Thursday, April 30, 2009


President Obama recently announced his new strategy for stabilizing Afghanistan, the centerpiece of which is sending additional troops to fight the Taliban and train the Afghan forces. Yet a successful strategy has been in place in Afghanistan for more than a year - it is Muscular Mentoring, and it has been practiced by the Marines.

Last year, Marine Col. Jeffrey Haynes commanded Embedded Training Team (ETT) 3-5, a part of the Regional Corps Advisory Command-Central (RCAC-C). Based east of Kabul, ETT 3-5 was drawn primarily from 3rd Marine Division’s III Marine Expeditionary Force from Okinawa along with Army, Navy and Air Force personnel and individuals of the Montana, Utah and New York National Guard. They arrived in February 2008 with a mission to “mentor the 201st Corps of the Afghan National Army (ANA) by providing military advice and training guidance” to its officers and staff noncommissioned officers.

The 201st Corps is responsible for 11 provinces in the east, northeast and center of the country, including Kabul. This is a key part of the country; it is where the fertile river valleys that supply much of Afghanistan’s food and produce are located. Hence, support from the locals is of paramount importance to success in Afghanistan. “The Afghan people need to see the ANA and their government are protecting and developing the river valleys,” Col. Haynes said, “not the U.S. or NATO. When the locals see that the ANA can protect them, they’ll be more inclined to believe in their government.”

To accomplish this, Col. Haynes and his Marines and soldiers took to the field with the ANA. NATO forces can “train” from a classroom, but it was “mentoring” when ETT 3-5 went out in the field with their Afghan counterparts. Virtually every Marine and soldier above the rank of sergeant spent several hours a day mentoring; Col. Haynes mentored the 201st Corps commander, Brig. Gen. Mohammed Wardak, while his executive officer mentored Gen. Wardak’s executive officer. The key is to lead by example and not by lecturing. This is how the skills necessary for successful soldiering get transmitted.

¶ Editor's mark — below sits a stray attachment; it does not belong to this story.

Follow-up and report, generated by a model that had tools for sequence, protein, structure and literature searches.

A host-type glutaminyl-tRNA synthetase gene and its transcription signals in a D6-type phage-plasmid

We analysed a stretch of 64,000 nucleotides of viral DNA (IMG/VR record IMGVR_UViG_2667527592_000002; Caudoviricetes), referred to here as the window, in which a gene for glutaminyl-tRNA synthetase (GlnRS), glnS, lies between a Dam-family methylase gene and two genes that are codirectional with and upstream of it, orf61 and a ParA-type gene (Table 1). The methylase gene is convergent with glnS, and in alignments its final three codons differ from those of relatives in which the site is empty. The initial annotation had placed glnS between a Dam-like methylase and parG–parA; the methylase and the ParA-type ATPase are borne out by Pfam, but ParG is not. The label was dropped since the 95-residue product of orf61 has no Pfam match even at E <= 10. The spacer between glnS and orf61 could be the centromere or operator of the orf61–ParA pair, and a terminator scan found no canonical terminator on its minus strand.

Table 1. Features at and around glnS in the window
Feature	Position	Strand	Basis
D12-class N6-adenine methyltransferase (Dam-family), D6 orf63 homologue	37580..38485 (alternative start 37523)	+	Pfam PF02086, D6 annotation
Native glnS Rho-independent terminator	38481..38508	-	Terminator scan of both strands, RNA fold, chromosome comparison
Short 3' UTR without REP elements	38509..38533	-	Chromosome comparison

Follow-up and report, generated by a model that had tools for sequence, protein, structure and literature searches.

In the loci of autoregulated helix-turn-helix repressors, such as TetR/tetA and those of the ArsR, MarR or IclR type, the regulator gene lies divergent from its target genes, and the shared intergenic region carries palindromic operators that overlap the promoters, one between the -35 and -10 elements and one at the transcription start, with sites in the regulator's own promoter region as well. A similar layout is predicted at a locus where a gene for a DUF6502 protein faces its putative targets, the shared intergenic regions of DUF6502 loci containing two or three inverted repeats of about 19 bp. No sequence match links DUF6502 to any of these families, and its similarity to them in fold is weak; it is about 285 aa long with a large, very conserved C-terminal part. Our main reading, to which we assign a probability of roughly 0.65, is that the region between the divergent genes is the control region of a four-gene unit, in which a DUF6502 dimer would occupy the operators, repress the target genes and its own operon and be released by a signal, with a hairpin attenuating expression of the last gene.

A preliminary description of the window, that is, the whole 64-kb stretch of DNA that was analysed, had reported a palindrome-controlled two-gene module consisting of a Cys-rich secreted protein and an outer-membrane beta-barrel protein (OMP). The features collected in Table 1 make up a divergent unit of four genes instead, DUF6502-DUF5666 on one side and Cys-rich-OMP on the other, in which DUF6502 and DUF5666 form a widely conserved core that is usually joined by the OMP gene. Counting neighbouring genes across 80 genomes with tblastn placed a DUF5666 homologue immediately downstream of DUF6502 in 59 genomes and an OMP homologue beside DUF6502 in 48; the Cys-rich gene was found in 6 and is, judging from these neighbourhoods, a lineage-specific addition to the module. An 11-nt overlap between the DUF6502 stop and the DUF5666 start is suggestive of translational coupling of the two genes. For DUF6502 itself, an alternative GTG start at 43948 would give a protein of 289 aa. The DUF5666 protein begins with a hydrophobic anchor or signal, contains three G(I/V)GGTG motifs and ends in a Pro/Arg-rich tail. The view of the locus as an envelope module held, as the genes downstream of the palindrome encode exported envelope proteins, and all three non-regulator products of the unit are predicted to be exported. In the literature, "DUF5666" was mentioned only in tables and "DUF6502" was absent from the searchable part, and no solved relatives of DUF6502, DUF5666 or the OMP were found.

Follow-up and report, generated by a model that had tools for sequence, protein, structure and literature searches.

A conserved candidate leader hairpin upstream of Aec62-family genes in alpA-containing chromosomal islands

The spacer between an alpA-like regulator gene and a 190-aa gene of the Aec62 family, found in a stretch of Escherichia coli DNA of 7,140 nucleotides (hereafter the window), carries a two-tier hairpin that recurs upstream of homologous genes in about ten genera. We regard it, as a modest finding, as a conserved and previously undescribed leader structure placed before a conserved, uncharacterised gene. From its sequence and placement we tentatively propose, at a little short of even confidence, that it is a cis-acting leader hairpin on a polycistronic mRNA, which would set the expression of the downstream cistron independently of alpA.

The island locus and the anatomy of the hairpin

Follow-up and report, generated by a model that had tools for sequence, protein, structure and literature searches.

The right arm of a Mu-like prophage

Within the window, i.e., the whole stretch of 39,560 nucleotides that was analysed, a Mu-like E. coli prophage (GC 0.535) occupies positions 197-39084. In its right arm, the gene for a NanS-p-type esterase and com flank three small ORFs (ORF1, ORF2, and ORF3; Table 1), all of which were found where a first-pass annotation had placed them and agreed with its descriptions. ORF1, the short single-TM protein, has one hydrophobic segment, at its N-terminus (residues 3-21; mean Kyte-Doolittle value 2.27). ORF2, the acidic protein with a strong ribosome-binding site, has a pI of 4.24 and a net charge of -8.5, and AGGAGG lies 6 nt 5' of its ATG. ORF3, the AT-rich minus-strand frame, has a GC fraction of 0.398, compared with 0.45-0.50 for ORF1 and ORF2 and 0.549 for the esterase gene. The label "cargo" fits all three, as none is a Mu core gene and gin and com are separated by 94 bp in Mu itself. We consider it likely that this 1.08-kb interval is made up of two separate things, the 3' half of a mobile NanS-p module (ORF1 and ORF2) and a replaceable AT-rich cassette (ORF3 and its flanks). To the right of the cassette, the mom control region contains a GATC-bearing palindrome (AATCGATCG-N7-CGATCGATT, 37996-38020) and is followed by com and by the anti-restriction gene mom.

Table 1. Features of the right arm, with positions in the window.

“The 201st Corps is very good,” Col. Haynes said. “When the Taliban attacked the prison in Kandahar last summer, they spearheaded the ANA effort into Anghardab and recaptured that strategic valley. [The ANA] handled their own logistics and their own intelligence.”

Col. Haynes continued the policy of assigning small groups of Marines and soldiers to the remote forward operating bases and combat outposts in the eastern provinces. The energy and professionalism of the Americans rubbed off on the 201st Corps troops stationed with them.

“The Afghan army is tailor-made for mentoring by the Marines,” said Marine Sgt. Maj. Patrick Dougherty of ETT 3-5. “They respect strength and strong leadership, and they come from a society built on the cohesion of small groups - all of which makes the Marine Corps the most appropriate service for training them.”

A recent Marine-ANA-French operation demonstrated that the 201st Corps learned its lessons well. In Operation Nan-e-Shab Berun, coalition and ANA forces cleared the Alah Say Valley of insurgents and then provided security and stability for the locals when they built and occupied two new combat outposts. The insurgents then conceded the valley because the ANA is now stationed there permanently. Success came with casualties: One French and four ANA soldiers were killed; also, 37 opponents were killed in action.

A key element of Mr. Obama’s policy in Afghanistan is demonstrating that cooperation with America brings security, jobs and a future, whereas the Taliban and al Qaeda bring only death. This is the decision Sheik Sattar Abu Risha made in 2006 when he persuaded the Iraqi Sunnis to work with the Marines and drive the insurgents out of Anbar province; the Marines and the Afghans’ 201st Corps can do the same in Afghanistan.

Getting the Afghan army and police trained and motivated will be at the heart of Afghanistan’s ability to rebuild itself. The country is the world’s third-poorest and has a 76 percent illiteracy rate and a weak central government (often lambasted for its incompetence and corruption and for failing to stop a drug trade that supplies 90 percent of the world’s opium). There is no purely military solution; the answers and effort to succeed permanently must come from the Afghans themselves.

Andrew Lubin is the author of “Charlie Battery: A Marine Artillery Battery in Iraq.” He was embedded with Marines and soldiers in Iraq and Afghanistan in 2006 and 2007.

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